Danish statutory pensions giant ATP is to be granted more scope to invest in entrepreneurship and start-up companies, according to the political platform launched yesterday by Denmark’s new coalition government.

In the plan revealed as Denmark’s parliament opened with a new grand coalition government of Social Democrats, the Liberal Party and the Moderates on Wednesday, prime minister Mette Frederiksen’s government also vowed to hasten case processing and execution of new climate projects.

The primary focus of the 2022 political platform is on cutting tax, incentivising work, and reforming welfare.

As part of its plans for growth, the coalition – an unusual political combination which was only agreed on Tuesday – said it would “take the initiative so that ATP can invest to an even greater extent in Danish entrepreneurship, start-up companies etc.”

No further details on this were given in the 63-page document.

Asked for comment on this element of the political plan, Mikkel Svenstrup, ATP’s chief investment officer, said ”ATP is already an investor in Danish companies.

”Last year, we launched Long-Term Danish Capital (Langsigtet Dansk Kapital) with the desire to focus on investing in Danish companies with the ambition to create an attractive long-term return, growth and jobs in Denmark,” he said.

”But our investments must, as always, be done with a view to a good, risk-adjusted return for the benefit of the members,” Svenstrup said.

When it announced in May 2021 that it would set up the new division at its Hillerød headquarters, the the DKK678bn (€91bn) pension fund said it would allocate DKK6bn to the area over the following three years. This June ATP revealed the first investment made by the unit, putting a “three-digit million” kroner sum into local sports tech firm Veo.

Mette Frederiksen - Danish Prime Minister

Denmark’s prime minister Mette Frederiksen

As part of the new Danish government’s climate plans, which include bringing forward the national goal of “climate neutrality” to 2045 from 2050, the government said it would “shorten the processing time for the establishment of renewable energy, so it will not be put on hold because of red tape”.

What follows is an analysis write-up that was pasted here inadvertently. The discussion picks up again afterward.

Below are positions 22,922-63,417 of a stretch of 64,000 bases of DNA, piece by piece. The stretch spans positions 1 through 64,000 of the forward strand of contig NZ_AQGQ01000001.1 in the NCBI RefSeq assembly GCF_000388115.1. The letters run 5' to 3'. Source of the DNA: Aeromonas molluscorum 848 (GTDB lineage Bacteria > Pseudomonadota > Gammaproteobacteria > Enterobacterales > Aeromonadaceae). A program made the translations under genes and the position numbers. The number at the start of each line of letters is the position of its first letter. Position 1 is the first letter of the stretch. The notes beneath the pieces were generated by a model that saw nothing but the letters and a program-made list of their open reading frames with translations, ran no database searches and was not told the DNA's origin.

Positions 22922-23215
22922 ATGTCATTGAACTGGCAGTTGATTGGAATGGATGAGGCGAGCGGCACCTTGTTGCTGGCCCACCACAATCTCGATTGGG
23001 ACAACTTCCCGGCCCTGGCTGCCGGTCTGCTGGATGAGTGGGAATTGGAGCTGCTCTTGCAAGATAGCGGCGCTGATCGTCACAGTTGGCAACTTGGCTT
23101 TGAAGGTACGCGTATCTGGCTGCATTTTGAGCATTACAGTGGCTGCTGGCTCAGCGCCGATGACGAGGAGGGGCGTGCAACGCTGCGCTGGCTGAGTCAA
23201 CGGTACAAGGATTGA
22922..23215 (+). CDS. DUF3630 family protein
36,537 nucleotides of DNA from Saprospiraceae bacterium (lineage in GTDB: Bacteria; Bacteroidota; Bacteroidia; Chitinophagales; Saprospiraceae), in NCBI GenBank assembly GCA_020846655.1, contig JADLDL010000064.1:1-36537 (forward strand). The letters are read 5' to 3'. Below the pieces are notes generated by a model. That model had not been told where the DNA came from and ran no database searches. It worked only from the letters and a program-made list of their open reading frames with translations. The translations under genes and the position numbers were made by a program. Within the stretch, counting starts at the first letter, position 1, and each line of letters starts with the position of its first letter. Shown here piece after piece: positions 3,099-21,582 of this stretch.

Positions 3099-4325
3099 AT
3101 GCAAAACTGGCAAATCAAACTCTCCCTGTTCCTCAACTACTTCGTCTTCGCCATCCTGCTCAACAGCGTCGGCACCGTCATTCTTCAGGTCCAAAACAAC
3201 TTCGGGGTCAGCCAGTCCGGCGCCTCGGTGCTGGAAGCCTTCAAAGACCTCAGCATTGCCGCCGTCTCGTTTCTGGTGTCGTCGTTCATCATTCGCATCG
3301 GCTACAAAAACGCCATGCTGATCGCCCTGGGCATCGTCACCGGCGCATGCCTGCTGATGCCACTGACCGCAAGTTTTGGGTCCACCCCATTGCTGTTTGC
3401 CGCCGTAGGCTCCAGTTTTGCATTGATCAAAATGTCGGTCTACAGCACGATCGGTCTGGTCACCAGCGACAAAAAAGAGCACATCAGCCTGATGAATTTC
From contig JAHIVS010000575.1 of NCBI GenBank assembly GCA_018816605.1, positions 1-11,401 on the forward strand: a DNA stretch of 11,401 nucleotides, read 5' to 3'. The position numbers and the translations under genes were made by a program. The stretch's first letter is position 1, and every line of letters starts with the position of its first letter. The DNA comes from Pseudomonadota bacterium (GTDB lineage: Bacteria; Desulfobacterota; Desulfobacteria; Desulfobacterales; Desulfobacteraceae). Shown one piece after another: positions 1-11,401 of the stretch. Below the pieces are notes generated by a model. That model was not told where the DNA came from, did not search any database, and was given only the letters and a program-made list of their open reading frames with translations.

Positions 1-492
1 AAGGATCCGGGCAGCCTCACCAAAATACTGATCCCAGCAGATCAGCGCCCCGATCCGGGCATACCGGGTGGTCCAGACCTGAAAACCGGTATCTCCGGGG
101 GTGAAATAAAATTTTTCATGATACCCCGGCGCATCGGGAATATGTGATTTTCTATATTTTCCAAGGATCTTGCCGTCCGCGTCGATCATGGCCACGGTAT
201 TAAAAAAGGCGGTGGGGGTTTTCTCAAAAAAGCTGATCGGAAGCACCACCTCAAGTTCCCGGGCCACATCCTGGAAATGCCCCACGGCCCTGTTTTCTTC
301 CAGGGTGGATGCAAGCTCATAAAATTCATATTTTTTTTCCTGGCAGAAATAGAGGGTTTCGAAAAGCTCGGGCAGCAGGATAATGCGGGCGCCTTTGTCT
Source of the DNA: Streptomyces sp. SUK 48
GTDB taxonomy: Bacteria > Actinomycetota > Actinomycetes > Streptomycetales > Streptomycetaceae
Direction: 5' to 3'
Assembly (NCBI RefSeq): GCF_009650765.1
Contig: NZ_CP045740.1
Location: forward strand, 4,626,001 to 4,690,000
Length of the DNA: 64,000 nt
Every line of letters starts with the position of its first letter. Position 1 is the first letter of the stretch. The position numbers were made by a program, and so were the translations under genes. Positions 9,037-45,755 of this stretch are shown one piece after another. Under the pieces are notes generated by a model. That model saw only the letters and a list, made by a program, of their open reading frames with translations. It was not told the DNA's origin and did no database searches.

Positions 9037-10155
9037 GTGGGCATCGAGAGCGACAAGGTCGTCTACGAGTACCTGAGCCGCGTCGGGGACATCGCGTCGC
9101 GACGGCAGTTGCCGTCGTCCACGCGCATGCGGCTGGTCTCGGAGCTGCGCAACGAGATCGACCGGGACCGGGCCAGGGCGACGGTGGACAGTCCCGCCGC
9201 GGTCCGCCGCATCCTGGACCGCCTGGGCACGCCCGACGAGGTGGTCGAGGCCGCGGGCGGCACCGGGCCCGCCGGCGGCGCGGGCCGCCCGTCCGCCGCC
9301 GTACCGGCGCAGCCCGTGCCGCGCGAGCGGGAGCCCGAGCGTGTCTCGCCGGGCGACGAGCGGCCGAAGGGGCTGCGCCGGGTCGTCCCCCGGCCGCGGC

Insurance & Pension Denmark (IPD) said it welcomed the strong focus on climate action as well as the rethinking of welfare contained in the political platform.

Kent Damsgaard, chief executive officer of the lobby group said: “We are faced with some huge problems in relation to our climate, our welfare and our health – and virtually no financial leeway.”

In such as situation, he said, it was “both historically new and unusually wise that we are getting an ambitious reform government in Denmark”.

Denmark would not meet its climate goals if there were no significant boost in setting up new green projects, he said.

“The concrete projects are there, and the investments are there, but the processing times have been a huge barrier,” Damsgaard said, adding that it was very important that the government set the pace for the expansion and shortened case processing.

Also part of the government’s stated growth plans is a “focus on avoiding unintentional over-implementation of EU rules”.

The government said in the platform document: “We must continue to implement the EU rules we are committed to, but at the same time have a systematic focus on the implementation of business-oriented EU legislation, so that we avoid unnecessarily restrictive rules to the detriment of Danish companies and workplaces.”

This would be done, for example, in the field of climate and environment, it said.

Damsgaard repeated his organisation’s recent opinion that the amount of EU regulation was, in several areas, “simply out of control”, and said IPD looked forward to working with a new Minister for Business to tackle this.

The latest digital edition of IPE’s magazine is now available